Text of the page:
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Cutting the Grass

Sounds like what traffickers do when they get a new shipment, but no, I was just mowing the lawn for the first time this season. Exciting and glamorous, no? Well, yes, simply because it was such a beautiful day to be outside. Our cranky old hand-me-down gas-powered mower finally died, so I used the Brill Luxus 38, a nice little push mower. Took all of about 10 minutes.

Being outside under the trees reminded me that I forgot to post about the last tree planting. I did write about our outing to help plant trees for UC Green, but this time it was a local neighborhood effort. I took pictures, of course, and actually helped dig a hole. That was two weeks ago and I still haven’t recovered from the exertion. After a long winter of inactivity, I’m a pasty blob of untoned flesh. Actually I’m that way all summer, too.

Unlike the UC Green trees which were balled-and-burlapped, weighed 300 pounds, and cost $200 each, these were bare root and cost a tenth of that. They were much easier to handle, of course, but because they were bare root, they had to be planted (“heeled in”) in loose soil as soon as they arrived. On the day people came to pick up their tree, each tree was dug up and the roots were dipped in hydrogel to keep them moist.

Bagging a bare root tree

The roots were dipped in hydrogel, then wrapped in a plastic bag for the short trip to the tree's new home.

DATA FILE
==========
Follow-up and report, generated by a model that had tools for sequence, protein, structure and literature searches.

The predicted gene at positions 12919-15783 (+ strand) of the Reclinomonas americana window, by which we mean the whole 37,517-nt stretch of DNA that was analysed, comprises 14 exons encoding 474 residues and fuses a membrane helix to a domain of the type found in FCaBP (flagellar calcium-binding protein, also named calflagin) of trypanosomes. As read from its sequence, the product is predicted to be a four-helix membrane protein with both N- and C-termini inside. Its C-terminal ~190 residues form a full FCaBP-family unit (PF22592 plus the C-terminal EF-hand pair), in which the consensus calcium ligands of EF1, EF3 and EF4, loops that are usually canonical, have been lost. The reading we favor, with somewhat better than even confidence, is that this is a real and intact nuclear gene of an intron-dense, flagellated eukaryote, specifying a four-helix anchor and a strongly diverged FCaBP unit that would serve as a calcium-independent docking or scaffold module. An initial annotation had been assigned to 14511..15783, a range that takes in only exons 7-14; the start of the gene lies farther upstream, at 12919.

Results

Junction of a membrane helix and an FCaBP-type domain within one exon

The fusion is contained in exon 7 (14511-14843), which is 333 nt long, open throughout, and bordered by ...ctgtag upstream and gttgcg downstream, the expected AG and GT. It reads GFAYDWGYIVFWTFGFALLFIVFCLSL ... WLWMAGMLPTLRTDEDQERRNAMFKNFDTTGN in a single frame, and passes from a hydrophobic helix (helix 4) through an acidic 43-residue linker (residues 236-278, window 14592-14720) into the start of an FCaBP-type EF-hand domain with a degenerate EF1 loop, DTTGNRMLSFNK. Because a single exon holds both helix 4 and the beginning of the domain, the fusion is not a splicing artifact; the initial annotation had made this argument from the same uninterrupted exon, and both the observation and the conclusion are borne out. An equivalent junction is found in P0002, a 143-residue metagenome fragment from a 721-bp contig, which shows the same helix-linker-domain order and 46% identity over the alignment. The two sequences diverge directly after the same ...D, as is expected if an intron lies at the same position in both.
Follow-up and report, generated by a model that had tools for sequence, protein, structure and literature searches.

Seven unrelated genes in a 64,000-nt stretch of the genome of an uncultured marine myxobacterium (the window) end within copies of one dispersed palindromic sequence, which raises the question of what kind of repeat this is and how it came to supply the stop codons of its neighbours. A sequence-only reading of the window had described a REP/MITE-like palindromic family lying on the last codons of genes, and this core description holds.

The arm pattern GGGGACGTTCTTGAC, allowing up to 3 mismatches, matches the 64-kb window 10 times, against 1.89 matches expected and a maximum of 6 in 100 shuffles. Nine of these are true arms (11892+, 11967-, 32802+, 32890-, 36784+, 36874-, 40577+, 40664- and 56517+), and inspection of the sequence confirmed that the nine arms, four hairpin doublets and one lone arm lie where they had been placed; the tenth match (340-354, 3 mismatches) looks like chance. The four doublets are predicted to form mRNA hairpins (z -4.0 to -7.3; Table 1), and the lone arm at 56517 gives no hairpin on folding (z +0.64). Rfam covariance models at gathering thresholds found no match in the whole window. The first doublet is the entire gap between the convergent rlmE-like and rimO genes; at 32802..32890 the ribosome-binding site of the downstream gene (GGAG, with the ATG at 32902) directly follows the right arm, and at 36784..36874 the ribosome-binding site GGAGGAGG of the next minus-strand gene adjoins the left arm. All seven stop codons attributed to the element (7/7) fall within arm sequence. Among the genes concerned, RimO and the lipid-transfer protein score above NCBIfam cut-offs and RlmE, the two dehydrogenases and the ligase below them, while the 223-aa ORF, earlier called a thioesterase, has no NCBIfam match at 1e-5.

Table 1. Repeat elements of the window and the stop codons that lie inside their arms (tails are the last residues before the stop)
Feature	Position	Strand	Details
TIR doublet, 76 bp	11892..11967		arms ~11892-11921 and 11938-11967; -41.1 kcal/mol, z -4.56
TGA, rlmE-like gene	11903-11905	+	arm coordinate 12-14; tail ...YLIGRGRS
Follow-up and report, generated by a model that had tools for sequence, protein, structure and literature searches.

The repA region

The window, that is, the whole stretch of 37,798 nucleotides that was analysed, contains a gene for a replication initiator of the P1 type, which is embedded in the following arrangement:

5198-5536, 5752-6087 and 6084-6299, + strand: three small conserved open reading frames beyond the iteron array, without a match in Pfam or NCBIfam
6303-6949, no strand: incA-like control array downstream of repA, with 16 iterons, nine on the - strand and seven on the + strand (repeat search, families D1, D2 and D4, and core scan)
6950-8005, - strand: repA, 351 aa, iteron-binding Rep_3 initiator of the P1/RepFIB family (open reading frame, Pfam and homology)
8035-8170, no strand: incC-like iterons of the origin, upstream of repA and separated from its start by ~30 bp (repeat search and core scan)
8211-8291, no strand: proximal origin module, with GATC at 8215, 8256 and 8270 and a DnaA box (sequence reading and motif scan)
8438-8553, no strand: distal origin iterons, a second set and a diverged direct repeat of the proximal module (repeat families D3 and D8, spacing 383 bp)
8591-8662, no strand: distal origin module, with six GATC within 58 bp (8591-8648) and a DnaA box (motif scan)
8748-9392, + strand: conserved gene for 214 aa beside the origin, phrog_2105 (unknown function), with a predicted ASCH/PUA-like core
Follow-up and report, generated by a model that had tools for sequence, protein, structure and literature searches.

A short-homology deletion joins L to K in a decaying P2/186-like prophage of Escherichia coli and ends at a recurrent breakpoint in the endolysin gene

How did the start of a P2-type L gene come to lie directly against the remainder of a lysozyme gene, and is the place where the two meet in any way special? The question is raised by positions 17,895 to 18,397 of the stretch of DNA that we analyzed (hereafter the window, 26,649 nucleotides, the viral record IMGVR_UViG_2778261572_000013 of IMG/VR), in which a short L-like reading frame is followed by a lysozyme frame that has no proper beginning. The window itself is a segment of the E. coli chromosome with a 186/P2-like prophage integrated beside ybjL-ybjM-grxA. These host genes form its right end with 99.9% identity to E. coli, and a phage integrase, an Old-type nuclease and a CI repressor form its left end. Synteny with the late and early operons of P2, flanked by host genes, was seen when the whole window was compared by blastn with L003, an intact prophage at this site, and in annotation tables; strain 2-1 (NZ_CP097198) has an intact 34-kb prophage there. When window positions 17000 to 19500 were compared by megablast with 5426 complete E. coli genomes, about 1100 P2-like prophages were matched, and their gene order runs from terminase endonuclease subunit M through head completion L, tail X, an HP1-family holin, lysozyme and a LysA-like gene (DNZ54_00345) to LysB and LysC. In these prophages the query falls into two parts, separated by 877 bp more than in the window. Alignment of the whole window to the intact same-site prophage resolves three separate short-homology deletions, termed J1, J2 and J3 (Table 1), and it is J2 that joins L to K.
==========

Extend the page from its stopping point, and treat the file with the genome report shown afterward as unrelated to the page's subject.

Tree in a Burley trailer

This Burley trailer was probably the most practical method anyone used to take their tree home.

Two generations of trees

Two generations of trees living side by side.

Comments

Fortunately, and unfortunately at the same time, I do not have to cut our grass here. That is taken care of. I remember cutting my family's lawn when I was a kid, and it was a great time to think about things by yourself.

Great job on planting the tree.

I've always wanted one of those old school blade rotary cutters. But who sharpens those anymore?

Albert, it's a new school mower with disposable blades that are supposed to last at least ten years. At the rate we use it, it will probably last a lifetime. For way too much information on this mower, check out the garden section.

We had a push mower for most of my LA childhood (although near-constant drought conditions made the amount of grass pretty paltry). I remember being about 2 1/2 and watching my very pregnant mom trying to do the front lawn with that thing. Our 83 year old neighbor, Mrs. Bobo, came flying down her front steps yelling at my mom to stop mowing, that she was going to send herself into labor. I actually think that was the point of the exercise, but there was no arguing with Mrs. Bobo.

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